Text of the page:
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Cp/cv Ratio

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Posted 16 March 2016 - 05:43 AM

Hello all , 


I'm wondering please what we should call the Cp/Cv ratio for liquid  , it's called  gamma or k ratio ?



#2 shantanuk100


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Posted 16 March 2016 - 06:20 AM   Best Answer

Dear Dana,


Both Gamma and K are used to denote the Specific Heat Ratio.
The Specific Heat Ratio is usually denoted by Gamma by Chemical, Process, Aerospace Engineers.

The letter is usually used in place of Gamma by Mechanical Engineers, Thermal engineers and those more concerned with thermodynamics.




Edited by shantanuk100, 17 March 2016 - 03:01 AM.

#3 latexman


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Posted 16 March 2016 - 06:33 AM

Call it the "specific heat ratio".  Everyone who has the knowledge knows what that means.



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Posted 16 March 2016 - 09:17 AM

Another question : 


I'm wondering please if anyone know the difference between Cp/Cv (ent method ) and Cp/Cv (gamma) on hysys ?


Thanks a lot !


Regards !

#5 fallah


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Posted 16 March 2016 - 11:58 AM


I'm wondering please what we should call the Cp/Cv ratio for liquid  , it's called  gamma or k ratio ?



Appears here a reality about the OP qestion has been forgotten...!


Contrary to gases in liquids, as is the subject of OP question, because are supposed to be incompressible Cp and Cv have almost same values hence only a single value of specific heat is applied for them; then the specific heat ratio would be almost not applicable...

#6 shantanuk100


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Posted 17 March 2016 - 02:43 AM

Dear Dana,


1. I had failed to notice you mention liquid in the question. That is a very important point as Mr.Fallah has rightly pointed out.

When you consider gases, this ratio is called Gamma or K as mentioned earlier.


2. For liquids, the Cp and Cv become equal, so the ratio of Cp to Cv is always 1. So it doesn't have a specific name as such because it is always 1.


3. Let me illustrate, the Enthalpy of a system is defined as follows  ---  H = U + PV

So , for getting specific heat capacity at constant pressure we partially differentiate wrt to temperature (under a constant pressure process).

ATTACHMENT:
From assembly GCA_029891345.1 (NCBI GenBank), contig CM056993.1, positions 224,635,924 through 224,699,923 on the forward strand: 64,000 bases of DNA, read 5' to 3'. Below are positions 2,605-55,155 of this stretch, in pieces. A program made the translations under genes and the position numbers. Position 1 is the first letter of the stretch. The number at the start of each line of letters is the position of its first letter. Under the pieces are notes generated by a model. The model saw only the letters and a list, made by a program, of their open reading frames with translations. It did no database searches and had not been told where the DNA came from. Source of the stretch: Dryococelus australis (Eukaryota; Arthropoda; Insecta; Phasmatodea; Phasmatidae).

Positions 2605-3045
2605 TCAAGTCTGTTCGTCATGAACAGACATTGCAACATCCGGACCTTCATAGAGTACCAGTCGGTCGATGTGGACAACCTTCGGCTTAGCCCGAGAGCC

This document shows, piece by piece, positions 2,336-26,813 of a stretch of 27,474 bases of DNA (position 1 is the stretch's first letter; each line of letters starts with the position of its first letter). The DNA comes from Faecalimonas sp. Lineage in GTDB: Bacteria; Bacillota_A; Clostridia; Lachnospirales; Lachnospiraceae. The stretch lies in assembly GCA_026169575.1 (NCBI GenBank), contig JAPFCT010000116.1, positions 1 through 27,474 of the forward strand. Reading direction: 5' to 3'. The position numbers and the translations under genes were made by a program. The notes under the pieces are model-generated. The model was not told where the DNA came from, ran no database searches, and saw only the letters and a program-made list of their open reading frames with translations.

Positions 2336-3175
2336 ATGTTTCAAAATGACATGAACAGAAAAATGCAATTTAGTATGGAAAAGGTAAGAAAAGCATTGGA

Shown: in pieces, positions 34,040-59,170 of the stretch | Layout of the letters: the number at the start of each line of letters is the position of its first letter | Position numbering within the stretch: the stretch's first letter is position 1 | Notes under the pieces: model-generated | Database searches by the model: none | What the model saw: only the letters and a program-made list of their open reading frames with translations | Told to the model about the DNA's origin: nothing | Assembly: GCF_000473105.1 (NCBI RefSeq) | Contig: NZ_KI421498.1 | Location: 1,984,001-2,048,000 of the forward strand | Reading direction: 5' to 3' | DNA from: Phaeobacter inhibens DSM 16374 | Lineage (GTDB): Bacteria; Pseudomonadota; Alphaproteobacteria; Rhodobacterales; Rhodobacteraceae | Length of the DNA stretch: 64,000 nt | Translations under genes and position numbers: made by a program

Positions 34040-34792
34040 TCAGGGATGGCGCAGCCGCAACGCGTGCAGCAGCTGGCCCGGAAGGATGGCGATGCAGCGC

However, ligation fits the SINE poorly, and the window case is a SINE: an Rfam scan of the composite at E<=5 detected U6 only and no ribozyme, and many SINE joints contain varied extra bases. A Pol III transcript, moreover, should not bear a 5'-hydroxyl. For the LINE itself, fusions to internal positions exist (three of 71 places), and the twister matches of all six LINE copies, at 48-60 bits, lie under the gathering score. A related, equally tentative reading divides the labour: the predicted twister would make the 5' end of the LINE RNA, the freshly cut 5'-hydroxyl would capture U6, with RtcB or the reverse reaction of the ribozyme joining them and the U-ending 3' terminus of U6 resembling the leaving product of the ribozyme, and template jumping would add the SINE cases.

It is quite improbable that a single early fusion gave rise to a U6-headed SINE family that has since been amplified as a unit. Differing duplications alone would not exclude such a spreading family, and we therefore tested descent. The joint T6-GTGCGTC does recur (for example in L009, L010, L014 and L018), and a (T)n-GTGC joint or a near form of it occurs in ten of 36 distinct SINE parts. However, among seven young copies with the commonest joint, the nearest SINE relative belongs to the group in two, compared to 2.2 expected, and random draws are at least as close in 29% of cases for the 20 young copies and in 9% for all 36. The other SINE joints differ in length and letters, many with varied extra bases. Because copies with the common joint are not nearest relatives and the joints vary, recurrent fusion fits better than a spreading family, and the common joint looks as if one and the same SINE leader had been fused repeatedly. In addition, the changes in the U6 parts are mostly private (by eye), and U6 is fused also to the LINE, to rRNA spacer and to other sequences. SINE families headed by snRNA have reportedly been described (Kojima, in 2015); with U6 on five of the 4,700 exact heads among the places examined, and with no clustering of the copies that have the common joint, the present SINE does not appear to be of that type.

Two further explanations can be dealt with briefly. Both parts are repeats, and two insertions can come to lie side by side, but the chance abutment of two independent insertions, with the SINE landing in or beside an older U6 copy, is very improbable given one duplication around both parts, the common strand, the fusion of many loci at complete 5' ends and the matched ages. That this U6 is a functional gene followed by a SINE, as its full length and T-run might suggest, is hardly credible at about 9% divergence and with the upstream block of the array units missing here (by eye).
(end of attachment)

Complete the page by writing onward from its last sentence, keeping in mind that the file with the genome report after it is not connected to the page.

Partially differentiating the above equation (H = U + PV) at constant pressure, we get,

dH/dT = dU/dT + d(PV)/dT

dH/dT = dU/dT + PdV/dT + VdP/dT


Since it is a partial differential at constant pressure, we get the partial Del (P) = 0

And also since liquids are considered almost incompressible, we also get Del (V) = 0

So this gives, 

dH/dT = dU/dT for incompressible fluids

Cp = Cv


4. If I were to explain it in physical terms, the change in enthalpy of a system is accounted for by corresponding change in the internal energy (U) of the system, and by the work being done (PdV Term), and by the VdP term.

But since Cp is defined at a constant pressure (dP=0) and since the volume change of incompressible fluids is too small for any considerable work to be done (dV=0), both those terms become null and your enthalpy change has to then only go into changing the internal energy change and nothing else. So, now, since the changes are equal, their respective ratios with temperature differentials will be the same thus making your Cp equal to Cv.


4. Now since your Cp and Cv become equal, their ratio is always = 1.

So for liquids, there still exists a specific heat ratio, but is usually always 1, so it doesn't make much sense to give it a name. It can still be called by Gamma or K, but even then, would always equal 1.
So no specific name is ever needed or used anywhere (Only in the case of liquids)




Edited by shantanuk100, 18 March 2016 - 12:44 AM.

#7 rohansharma01


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Posted 16 May 2016 - 06:14 AM



I need to know temperature of natural gas after pressure reduction.


Input gas pressure is P1=70 Bar G and temperature is T1= 33 degree celsius and pressure after reduction is P2=25 Bar G.


The equation that I have come across is T2 /T1 = (P2/ P1)^(k-1)/k


On site the temperature after reduction is 11 degree celsius.


Can someone  help in how to obtain the desired result from above equation or is their any other equation.  

#8 breizh


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Posted 16 May 2016 - 06:23 AM

Hi ,


Make sure you are using the proper unit , Pressure in bar absolute and T in Kelvin , for cp/cv a value close to 1.3 should be good , I found 1.27 in litterature .


Probabaly good also to introduce the Z factor in the calculation .


P*V ^k=cte & P*V=Z*R*T


Note :

a)This should be an iterative calculation with assumption on Z2 .

I've added a calculator to calculate Z .


b)The composition of natural gas is also needed to calculate Z because it's a mixture.




Good luck



Edited by breizh, 17 May 2016 - 01:05 AM.

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